Tiki Bars Are Enjoying a Resurgence—and in Paris, of All Places
After their glamorous 1950s heyday, American tiki bars became a kitsch joke, populated mostly by teenagers hoping to get served underage. But today, tiki has risen again—and in Paris, of all places. The City of Light has a relatively young bar culture with high quality, creative options (with an artisanal bent, of course) springing up only in the last seven or eight years. As they’ve searched for unusual ingredients and plundered the archaeology of cocktail traditions, it was perhaps inevitable they’d eventually drift up on cheerful Polynesian shores.
The city’s first tiki bars were standalone places that, though campy and even a little divey, have real talent beneath their cocktail umbrellas. Le Tiki Lounge opened in the 11th arrondissement in 2012, and Dirty Dick in Pigalle a year later. With fresh juices and house-made infusions and syrups, they brought seriousness to boozy punch that transcended their goofy surroundings. Meanwhile, Paris’s growing taste for craft and tropical cocktails found its way to palace hotel bars, traditionally bastions of classic recipes. But today, a swinging five-star isn’t worth its name without a ceramic Easter Island head grinning at patrons from behind the bar.
Here’s where to find our favorite beach-ready concoctions of the grand boulevards:
Le Tiki Lounge: Not far from the tiki joints of yesteryear in décor and inspiration, sidle up to the raffia bar for La Machete, a mix of tequila blanco, house-made hibiscus infusion, cinnamon and lemon juice.
Dirty Dick: With its smattering of taxidermy and fetching pinup girl mural, the décor doesn’t take itself too seriously, but the drinks are next-level. Juice often is pressed to order and the classic Piña Colada, with Don Q Gold rum, fresh pineapple juice, coconut cream and a dash of bitters, shows just how right they get it.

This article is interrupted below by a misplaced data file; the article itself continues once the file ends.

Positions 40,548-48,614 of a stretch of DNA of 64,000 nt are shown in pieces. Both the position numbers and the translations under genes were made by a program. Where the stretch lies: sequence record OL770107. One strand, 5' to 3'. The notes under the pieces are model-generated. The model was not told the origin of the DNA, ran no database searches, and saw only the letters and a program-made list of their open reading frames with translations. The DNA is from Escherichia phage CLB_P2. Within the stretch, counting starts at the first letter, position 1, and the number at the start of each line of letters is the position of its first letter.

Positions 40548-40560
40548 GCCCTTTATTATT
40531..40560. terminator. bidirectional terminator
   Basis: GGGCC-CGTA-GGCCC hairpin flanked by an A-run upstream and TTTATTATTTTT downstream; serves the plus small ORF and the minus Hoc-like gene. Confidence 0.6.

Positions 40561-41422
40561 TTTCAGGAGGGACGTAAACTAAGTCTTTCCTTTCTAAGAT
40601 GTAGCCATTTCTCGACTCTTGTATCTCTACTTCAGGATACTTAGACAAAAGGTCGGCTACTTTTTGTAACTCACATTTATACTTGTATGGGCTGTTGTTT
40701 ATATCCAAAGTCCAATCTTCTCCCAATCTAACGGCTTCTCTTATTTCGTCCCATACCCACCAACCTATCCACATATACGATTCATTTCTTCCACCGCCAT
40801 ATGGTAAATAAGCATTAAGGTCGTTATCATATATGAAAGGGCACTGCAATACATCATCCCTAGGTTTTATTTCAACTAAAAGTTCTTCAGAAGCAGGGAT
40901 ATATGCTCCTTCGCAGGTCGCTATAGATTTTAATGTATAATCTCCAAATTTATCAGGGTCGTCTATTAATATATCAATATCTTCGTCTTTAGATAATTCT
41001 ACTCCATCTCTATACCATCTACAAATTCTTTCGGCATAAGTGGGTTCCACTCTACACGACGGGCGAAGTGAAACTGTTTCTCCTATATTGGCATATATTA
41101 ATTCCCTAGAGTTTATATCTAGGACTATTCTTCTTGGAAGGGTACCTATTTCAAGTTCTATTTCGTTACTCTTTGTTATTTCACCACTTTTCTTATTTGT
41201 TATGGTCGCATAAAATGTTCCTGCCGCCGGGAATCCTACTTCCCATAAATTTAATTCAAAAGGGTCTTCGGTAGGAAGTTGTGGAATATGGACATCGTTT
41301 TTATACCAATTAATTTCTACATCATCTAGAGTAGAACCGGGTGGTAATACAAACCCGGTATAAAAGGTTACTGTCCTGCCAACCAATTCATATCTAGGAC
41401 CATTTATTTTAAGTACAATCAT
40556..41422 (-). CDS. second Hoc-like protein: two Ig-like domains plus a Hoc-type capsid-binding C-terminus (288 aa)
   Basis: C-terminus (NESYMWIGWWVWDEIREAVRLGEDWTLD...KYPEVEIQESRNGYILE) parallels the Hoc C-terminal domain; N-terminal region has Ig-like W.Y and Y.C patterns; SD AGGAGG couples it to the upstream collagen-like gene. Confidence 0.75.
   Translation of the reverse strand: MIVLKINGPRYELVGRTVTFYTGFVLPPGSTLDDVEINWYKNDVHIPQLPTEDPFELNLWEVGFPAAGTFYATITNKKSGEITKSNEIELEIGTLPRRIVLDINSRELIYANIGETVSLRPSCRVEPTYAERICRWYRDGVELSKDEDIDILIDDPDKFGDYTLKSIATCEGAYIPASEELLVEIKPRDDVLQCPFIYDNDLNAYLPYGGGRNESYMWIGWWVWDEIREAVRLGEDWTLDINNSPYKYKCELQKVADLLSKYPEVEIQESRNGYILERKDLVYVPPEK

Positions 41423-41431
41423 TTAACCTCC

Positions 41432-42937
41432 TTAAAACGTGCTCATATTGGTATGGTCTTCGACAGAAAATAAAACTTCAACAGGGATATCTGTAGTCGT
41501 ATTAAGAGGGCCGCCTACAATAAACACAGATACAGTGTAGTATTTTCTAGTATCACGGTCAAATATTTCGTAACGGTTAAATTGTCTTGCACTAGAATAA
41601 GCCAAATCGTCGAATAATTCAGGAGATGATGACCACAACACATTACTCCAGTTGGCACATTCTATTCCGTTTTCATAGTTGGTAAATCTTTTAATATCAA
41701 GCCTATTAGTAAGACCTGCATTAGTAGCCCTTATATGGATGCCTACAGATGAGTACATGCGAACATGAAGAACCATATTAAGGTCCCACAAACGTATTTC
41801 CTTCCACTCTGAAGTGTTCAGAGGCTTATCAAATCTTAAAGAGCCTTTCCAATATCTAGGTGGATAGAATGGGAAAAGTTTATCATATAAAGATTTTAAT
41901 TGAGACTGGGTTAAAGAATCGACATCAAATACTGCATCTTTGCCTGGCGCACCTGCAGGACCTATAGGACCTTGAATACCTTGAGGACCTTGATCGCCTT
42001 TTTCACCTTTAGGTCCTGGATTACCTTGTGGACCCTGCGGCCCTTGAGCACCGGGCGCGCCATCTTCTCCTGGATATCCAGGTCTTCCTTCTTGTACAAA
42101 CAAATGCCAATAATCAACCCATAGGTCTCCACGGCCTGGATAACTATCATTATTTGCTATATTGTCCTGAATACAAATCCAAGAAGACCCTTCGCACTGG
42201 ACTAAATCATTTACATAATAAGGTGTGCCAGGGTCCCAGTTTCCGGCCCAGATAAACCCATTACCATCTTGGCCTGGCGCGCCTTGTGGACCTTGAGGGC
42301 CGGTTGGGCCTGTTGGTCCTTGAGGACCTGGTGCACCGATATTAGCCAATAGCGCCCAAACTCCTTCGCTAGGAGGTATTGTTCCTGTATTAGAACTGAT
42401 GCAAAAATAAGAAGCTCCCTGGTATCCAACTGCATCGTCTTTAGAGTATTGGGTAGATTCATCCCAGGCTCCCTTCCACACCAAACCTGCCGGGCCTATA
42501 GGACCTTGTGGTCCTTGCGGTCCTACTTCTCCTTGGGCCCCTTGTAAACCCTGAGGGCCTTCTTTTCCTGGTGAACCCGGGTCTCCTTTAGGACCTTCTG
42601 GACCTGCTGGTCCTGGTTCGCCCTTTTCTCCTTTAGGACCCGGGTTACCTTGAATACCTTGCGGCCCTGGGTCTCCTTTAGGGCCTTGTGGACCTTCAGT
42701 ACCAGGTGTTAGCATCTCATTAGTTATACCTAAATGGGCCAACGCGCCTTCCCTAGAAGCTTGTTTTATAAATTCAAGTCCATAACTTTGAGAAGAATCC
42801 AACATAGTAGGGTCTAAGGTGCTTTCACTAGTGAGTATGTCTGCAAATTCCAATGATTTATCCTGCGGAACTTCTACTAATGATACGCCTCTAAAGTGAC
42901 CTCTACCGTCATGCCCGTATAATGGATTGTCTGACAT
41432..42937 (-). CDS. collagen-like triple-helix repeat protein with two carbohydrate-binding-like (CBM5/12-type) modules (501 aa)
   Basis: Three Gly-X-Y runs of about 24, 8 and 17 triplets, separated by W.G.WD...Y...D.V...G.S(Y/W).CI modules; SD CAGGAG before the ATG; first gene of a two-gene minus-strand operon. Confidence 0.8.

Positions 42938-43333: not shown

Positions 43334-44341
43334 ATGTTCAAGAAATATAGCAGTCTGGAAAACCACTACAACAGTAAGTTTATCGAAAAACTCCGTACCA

Le Plaza Athenée: Heads of state and the bodyguards who trail them are frequent guests in La Galerie, the bar and restaurant that winds through the lobby of this iconic hotel. For more discreet liaisons they pop into Le Bar du Plaza Athenée, where no one will see them downing rounds of Tiki Mads, made with Barbados rum, it’s-legal-here absinthe, mint bitters, and freshly extracted pineapple and grapefruit juices.
Park Hyatt Paris Vendôme: The lobby’s fireplace and jewel-toned color-scheme are cozy enough, but Le Bar, around the corner, is positively clandestine. Among several surprising options you’ll find the Missionary’s Downfall, featuring the house blend of dark rum, pineapple juice, lime, honey, peach liqueur and a house-made mint syrup.
Hilton Paris Opera (pictured): The restoration of this Beaux Arts beauty apportioned a nook off of Le Grand Salon for Le Petit Bar, where Pierre will mix you a Voodoo out of Sailor Jerry rum, Umeshu plum liqueur, freshly chopped ginger, a shot of vanilla syrup and a ginger beer topper, garnished with a slice of starfruit.